By the time the third redundancy happened, I was sure of the pattern. I felt gratitude towards the people that were involved in the process. I realised that they were helping me to move into a direction that I would not necessarily have chosen for myself, but that was perfect in a way that would be revealed to me in time. I was right.
I realised that redundancy is an incredible life change that happens with the assistance of people I have contracted with. The people who make decisions about whom to make redundant or retain often have no idea of the magnificence of their actions and the impact that they have on people's lives. They often make these decisions about redundancy with a large dollop of self-preservation and do their best to justify their actions in ways that are seldom logical.
This is a time of massive change. This is a time of experiencing new energies and new opportunities that open up a different spiritual dimension to all of us.
The media love to blow up fear, negativity and blame. When I hear about people being made redundant, I feel like laughing with relief on their behalf. I want to tell them that it is the best experience that they could have wished for themselves. I want to urge them to go back to the decision-makers and thank those people for opening up new horizons that they would not have been aware of, had they not been made redundant.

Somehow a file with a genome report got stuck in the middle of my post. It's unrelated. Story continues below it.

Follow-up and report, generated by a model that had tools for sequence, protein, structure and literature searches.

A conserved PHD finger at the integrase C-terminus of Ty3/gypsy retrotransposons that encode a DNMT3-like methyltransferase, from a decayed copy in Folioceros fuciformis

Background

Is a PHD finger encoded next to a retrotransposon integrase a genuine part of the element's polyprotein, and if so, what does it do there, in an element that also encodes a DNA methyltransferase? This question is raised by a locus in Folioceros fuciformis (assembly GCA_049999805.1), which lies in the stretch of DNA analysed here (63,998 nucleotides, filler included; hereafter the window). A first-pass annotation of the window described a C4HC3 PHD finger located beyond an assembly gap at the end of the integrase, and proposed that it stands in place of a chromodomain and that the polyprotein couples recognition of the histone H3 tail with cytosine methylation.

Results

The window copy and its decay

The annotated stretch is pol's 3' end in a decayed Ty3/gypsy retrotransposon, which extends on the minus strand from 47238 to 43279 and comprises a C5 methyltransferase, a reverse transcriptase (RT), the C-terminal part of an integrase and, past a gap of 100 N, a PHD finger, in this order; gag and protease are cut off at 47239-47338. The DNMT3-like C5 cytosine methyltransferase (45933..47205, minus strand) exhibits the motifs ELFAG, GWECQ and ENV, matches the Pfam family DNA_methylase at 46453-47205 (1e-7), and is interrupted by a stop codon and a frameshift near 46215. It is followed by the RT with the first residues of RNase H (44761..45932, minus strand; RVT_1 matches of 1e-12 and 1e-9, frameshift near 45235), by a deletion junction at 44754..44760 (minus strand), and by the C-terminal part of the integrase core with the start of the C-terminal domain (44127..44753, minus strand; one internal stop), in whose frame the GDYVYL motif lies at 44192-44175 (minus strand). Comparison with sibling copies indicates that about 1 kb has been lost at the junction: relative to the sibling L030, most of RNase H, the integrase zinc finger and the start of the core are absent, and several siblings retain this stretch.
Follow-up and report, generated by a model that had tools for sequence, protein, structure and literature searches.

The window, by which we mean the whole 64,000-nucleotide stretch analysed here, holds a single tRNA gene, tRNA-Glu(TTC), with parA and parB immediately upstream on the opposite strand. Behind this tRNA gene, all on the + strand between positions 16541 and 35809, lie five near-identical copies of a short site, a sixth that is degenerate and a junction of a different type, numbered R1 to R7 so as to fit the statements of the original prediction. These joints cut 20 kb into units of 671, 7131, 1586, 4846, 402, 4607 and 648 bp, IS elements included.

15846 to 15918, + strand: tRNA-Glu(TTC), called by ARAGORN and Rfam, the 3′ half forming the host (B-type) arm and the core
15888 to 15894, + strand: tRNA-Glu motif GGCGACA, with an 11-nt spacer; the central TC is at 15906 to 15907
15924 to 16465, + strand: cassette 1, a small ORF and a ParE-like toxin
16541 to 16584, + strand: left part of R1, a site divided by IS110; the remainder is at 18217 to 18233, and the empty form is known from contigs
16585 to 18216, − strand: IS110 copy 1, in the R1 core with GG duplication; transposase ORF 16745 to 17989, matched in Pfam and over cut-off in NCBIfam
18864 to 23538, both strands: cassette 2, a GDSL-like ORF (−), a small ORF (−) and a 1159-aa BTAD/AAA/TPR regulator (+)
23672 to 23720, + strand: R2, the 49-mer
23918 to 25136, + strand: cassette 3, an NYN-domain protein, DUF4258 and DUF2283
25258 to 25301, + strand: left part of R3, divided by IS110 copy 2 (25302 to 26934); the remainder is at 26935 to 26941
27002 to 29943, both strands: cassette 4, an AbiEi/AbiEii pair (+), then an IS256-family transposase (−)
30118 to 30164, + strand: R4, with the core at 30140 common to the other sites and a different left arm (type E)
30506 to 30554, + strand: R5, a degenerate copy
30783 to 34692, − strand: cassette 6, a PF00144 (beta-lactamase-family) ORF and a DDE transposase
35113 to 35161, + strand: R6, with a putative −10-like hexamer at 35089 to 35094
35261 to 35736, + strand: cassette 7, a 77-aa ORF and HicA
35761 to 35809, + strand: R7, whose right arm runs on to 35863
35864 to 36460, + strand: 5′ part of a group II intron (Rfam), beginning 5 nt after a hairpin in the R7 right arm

I have been incredibly blessed in that I recognised redundancy as a reason for celebration. I believe that this knowledge and awareness has opened up opportunities for me that can only be described as miracles.
I have for many years felt that I wanted to go back to the various people who took decisions that could only be described as illogical and irrational, which resulted in my redundancy. I now understand the significance of their roles in my life, and that without them my life would have been much different, and definitely not for the better.
If you have been made redundant recently, I would advise you to take it personally. See it as an opportunity to figure out what direction your life is taking, grab every opportunity that comes your way, and do it with joy in your heart. Ensure that you remember the names of all of the people who have had any say in the decision to make you redundant. Soon you will want to find them again and thank them sincerely for steering your life in a direction that takes your breath away.
Oh, and remember to relax and keep breathing.